Total Pageviews

Sunday, 17 November 2013

Old geeks.

This is getting beyond a joke, I've spent most of an afternoon working in getting the Bearorbust youtube page into some sort of working order and failing at most steps.  God damn omniaccount my arse this is seriously shite I didn't want a google plus account and I certainly don't one foisted me just because Google can't give them away.

Anyway what I wanted to talk about this week is the end of Eltham branch, our cactus society.  I've posted before about our Christmas party (one of our first posts fact fans) when we still had the late Chris Moore as our treasurer shortly before he passed away.  It all started from a few things such as the terrible snows at the beginning of the year and a switch over of treasurers, meaning that our numbers dropped to an unsustainable level and continued to remain that way for the rest of the year, so much so that this christmas party is more like a wake than a celebration.  The only silver lining is that we will be joining Bromley branch in the new year over at Keston not that it is any easier to get to. 

So for our last ever slide show we were treated to a trip to Madagascar the massive island off of the coast of South Africa, home to lemurs, Chamaeleons but mainly succulents.  The guy doing the talk was a pretty awesome photographer and he was running a small slide show off of some of his spare images as the talk was done via laptop.  Madagascar itself was a revelation, a mix of crashing poverty and habitat destruciton combined with some startling endemic species.  He had a few shots of the aforementioned Lemurs and Chamaeleons creatures along with Baobab and Giraffe Weevils the beetle equivalent of a construction crane. What we came for were the succulents, and Madagascar doesn't disappoint.  They have a few species of Baobab, thick of trunk like some redwood sized bottle replete with stick nest branches and cannonball fruit, Alluaudia with its spiny trunk and  its graftable onto various species of cacti as its a distant relative.  There were also various euphorbias and Pachypodiums as the countryside changed from the (depleted) rainforests of the north to the dry arid areas of the south, via the mountain lands in the middle. Most odd of all there is a solitary species of cactus, a Rhipsalis that is the only endemic cactus to be outside the new world.  Its unknown how it reached there but Phil Maxwell thinks it could be a hold out from Cretaceous times from when Madagascar was part of the super continent Gondwana.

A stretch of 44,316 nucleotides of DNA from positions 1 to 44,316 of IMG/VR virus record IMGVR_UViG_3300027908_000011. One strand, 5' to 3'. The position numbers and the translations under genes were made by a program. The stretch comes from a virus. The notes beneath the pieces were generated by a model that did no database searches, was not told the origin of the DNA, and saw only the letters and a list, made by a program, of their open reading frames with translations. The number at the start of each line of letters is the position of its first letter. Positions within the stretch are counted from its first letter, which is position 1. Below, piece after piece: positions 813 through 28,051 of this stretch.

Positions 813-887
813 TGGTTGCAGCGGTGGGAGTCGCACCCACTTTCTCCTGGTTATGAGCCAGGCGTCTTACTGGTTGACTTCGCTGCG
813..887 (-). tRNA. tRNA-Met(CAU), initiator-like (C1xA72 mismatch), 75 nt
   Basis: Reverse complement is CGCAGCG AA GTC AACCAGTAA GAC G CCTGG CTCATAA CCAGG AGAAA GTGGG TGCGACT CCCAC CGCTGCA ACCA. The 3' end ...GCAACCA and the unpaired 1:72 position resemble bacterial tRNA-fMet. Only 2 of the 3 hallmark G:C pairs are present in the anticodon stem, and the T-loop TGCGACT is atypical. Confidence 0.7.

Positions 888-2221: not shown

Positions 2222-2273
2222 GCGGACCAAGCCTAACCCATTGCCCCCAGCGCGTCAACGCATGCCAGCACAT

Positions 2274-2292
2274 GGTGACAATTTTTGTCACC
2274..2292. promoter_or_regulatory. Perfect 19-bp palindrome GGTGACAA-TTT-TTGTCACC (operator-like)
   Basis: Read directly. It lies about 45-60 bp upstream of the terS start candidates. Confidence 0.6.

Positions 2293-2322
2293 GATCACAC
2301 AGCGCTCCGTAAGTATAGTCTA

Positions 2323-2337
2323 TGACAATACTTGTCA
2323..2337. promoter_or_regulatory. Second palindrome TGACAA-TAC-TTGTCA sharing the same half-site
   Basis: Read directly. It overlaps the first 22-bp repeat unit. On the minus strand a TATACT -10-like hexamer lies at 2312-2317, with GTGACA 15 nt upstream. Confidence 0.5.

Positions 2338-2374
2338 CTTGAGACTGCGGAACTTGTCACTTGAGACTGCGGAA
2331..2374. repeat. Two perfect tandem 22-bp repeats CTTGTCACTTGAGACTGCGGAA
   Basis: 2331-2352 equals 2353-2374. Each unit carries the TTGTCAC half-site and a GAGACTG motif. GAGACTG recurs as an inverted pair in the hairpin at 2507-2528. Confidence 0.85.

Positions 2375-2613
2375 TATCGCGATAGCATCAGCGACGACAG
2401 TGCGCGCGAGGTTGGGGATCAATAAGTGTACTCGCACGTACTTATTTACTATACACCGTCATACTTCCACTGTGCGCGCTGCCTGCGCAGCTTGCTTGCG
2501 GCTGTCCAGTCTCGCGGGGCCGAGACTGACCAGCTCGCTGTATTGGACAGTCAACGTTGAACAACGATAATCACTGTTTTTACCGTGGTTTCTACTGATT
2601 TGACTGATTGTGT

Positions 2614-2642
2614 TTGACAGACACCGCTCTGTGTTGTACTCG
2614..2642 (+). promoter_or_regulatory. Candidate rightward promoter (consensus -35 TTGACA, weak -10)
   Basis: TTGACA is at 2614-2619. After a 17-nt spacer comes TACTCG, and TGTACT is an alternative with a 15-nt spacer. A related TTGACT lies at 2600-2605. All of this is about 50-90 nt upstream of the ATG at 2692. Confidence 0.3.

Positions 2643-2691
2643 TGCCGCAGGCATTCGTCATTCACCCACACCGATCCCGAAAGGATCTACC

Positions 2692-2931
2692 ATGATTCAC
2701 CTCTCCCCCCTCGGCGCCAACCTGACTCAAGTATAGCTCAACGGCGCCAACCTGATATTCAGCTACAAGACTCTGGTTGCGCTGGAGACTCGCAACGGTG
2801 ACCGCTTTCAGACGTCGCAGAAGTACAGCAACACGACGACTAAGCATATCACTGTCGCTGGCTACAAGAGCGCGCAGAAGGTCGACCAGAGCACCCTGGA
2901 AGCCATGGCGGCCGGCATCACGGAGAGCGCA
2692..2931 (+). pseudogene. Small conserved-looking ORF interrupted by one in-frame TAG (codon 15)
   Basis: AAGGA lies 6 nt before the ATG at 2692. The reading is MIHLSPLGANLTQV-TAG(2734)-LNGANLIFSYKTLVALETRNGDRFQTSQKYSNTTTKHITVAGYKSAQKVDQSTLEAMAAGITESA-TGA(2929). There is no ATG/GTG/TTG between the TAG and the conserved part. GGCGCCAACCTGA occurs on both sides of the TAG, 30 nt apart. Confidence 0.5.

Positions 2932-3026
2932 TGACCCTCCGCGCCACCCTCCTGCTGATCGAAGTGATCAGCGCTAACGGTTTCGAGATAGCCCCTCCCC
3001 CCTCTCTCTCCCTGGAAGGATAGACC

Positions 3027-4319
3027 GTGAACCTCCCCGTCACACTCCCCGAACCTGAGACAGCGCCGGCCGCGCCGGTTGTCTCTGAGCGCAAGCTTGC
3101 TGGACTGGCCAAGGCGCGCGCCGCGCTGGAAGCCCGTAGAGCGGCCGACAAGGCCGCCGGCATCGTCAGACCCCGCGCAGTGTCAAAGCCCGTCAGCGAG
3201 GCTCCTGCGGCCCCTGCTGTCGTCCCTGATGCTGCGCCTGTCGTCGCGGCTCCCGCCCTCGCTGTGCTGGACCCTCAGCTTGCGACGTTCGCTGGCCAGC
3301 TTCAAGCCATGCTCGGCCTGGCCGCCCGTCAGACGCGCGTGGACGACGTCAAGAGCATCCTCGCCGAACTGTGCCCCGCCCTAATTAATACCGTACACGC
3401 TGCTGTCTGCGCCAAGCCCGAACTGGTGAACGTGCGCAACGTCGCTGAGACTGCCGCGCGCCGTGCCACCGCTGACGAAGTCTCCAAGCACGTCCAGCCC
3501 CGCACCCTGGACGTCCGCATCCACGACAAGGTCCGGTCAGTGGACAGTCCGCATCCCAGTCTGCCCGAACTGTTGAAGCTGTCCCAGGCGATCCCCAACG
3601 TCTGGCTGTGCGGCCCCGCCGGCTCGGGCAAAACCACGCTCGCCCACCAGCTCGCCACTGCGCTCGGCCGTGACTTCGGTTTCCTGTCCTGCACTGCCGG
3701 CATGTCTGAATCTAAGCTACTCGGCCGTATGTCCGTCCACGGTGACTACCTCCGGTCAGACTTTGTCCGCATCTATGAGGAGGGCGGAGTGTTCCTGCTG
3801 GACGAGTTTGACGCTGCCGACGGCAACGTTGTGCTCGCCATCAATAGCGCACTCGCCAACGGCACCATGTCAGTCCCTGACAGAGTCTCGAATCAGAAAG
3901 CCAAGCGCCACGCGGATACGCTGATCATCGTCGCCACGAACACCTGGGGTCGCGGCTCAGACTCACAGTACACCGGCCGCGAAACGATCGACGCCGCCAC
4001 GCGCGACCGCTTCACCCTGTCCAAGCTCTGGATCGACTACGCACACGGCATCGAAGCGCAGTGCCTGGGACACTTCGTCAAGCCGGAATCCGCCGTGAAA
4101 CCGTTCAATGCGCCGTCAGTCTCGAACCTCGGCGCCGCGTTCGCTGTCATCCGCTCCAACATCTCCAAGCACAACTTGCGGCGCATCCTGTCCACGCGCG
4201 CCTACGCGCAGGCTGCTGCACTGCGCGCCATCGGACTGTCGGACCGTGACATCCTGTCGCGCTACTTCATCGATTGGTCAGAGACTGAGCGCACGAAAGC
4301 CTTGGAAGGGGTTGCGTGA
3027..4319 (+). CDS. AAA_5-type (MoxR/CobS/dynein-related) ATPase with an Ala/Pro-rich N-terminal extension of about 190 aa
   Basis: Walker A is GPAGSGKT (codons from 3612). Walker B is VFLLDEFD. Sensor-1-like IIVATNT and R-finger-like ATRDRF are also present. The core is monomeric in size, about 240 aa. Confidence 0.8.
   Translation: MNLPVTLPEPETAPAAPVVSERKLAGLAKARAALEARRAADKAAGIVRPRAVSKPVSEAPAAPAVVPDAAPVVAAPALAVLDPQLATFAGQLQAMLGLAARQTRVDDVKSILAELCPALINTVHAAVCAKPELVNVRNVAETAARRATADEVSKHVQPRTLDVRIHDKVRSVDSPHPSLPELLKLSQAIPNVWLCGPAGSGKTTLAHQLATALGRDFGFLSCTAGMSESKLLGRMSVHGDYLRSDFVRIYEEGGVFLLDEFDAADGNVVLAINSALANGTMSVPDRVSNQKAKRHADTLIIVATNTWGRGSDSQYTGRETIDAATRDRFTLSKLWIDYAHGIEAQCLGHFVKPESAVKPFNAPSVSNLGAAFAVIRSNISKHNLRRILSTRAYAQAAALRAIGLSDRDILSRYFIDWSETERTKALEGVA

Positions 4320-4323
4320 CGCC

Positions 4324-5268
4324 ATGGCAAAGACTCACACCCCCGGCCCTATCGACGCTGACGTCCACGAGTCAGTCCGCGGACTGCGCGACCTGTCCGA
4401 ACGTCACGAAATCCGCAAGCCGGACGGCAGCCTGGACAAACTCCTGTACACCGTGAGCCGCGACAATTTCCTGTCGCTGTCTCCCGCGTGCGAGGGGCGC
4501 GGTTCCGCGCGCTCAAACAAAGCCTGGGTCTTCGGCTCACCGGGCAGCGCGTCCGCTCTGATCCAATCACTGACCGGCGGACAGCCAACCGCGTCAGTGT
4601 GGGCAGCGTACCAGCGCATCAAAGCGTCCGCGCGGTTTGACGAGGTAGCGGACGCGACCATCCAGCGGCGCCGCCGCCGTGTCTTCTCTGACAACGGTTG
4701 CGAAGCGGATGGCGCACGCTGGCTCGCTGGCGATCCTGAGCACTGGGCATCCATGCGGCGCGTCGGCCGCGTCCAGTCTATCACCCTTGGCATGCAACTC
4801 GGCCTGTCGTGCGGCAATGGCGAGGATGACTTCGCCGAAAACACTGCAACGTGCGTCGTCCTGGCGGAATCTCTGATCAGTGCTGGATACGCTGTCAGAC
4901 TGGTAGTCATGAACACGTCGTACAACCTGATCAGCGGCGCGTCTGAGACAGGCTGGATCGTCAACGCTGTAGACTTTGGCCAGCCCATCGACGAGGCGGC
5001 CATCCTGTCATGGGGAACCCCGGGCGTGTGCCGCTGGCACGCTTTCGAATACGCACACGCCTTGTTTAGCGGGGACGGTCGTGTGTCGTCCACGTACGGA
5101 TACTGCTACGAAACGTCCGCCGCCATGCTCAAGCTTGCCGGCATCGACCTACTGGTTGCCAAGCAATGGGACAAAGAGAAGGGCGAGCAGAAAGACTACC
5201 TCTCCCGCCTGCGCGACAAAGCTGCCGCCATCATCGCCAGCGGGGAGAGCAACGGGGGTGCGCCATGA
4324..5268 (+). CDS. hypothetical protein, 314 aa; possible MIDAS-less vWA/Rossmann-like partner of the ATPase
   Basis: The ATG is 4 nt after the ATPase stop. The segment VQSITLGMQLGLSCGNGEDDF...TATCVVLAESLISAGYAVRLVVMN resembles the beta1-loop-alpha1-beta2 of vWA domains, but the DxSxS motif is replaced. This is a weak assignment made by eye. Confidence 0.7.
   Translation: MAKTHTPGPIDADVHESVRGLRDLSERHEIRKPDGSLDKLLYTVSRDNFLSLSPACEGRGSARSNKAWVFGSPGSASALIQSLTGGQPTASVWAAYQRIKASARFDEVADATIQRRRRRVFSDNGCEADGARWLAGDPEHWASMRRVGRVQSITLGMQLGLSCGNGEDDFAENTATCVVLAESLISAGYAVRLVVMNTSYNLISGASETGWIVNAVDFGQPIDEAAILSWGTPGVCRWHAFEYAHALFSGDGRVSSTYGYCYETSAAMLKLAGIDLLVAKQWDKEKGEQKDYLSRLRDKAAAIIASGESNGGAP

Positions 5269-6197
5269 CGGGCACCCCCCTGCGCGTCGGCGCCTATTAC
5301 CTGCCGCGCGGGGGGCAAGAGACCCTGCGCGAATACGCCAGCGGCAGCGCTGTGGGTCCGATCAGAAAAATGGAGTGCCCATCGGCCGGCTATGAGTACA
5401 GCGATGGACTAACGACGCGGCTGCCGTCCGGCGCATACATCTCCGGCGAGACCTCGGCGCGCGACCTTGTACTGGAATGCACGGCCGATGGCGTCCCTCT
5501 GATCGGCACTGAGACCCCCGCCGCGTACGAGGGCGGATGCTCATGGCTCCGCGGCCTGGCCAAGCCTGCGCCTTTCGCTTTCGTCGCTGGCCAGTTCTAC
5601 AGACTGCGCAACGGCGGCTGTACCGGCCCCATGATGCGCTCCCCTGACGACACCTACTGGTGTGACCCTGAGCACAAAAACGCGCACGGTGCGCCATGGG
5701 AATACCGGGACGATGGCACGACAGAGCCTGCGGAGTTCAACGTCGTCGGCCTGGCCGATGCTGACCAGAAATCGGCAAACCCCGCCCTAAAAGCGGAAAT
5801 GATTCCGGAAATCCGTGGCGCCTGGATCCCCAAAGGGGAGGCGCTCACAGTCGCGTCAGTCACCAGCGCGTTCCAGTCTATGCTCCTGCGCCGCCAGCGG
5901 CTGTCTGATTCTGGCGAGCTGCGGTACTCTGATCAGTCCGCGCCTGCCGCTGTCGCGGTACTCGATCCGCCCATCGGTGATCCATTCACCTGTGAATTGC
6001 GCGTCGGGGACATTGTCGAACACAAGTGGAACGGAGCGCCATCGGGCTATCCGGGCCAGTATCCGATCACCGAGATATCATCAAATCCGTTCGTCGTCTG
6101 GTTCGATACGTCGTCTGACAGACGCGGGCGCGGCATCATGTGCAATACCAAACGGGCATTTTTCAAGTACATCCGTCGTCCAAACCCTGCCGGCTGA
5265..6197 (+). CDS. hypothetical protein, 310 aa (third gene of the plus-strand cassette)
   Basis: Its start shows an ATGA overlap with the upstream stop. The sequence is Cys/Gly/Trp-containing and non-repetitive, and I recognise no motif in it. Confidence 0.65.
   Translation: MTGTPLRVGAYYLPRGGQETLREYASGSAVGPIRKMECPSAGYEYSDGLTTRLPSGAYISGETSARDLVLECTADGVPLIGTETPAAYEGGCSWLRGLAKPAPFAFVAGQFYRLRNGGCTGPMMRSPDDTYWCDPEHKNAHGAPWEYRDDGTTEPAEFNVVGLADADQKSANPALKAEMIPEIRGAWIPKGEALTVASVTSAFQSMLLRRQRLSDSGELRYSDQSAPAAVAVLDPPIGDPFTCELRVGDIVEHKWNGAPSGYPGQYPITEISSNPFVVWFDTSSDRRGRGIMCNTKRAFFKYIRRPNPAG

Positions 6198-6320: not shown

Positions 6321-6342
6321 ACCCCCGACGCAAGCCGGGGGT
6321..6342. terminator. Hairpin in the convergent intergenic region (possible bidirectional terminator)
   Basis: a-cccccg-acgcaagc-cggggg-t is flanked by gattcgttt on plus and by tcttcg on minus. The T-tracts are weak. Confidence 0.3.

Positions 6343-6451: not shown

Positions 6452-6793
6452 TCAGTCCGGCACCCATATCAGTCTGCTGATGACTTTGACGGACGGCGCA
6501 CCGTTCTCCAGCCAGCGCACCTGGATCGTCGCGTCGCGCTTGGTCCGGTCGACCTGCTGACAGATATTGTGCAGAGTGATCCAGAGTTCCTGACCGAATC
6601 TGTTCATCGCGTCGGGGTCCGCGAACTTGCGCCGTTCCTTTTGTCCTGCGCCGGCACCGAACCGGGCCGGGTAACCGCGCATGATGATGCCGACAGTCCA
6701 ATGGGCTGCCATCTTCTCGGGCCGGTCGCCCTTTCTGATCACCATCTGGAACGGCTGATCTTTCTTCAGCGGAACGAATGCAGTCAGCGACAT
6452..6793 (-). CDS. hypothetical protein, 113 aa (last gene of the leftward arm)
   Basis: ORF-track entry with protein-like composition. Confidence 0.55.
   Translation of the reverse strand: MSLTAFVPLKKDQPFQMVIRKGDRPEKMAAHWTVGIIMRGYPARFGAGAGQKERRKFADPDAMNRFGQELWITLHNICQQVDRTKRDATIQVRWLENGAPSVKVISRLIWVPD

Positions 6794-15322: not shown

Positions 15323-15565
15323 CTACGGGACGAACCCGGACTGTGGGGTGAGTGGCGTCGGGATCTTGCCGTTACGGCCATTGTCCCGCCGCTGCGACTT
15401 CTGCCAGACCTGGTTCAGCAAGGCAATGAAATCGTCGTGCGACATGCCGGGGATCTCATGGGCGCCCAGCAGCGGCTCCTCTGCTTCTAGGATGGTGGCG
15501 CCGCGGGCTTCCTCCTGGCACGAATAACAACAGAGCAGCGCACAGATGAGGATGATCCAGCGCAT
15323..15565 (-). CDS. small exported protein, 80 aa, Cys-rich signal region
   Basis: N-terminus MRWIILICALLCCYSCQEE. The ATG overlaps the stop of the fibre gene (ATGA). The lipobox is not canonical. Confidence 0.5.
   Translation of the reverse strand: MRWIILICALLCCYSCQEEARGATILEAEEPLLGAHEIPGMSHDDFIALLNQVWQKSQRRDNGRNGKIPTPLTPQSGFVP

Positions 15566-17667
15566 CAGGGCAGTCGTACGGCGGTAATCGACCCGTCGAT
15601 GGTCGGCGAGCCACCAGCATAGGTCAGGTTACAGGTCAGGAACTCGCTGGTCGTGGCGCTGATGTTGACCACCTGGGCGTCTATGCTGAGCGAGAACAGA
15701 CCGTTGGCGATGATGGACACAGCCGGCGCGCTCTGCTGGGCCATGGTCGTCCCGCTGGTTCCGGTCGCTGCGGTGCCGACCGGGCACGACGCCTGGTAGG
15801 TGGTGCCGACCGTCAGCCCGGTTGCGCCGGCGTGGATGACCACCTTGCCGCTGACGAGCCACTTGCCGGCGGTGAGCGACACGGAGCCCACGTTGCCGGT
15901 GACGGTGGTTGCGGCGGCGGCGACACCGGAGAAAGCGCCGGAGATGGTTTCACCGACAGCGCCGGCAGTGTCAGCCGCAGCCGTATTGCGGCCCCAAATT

Its a fitting end to Eltham in that we held out so long but are now (soon to be) extinct.

No comments:

Post a Comment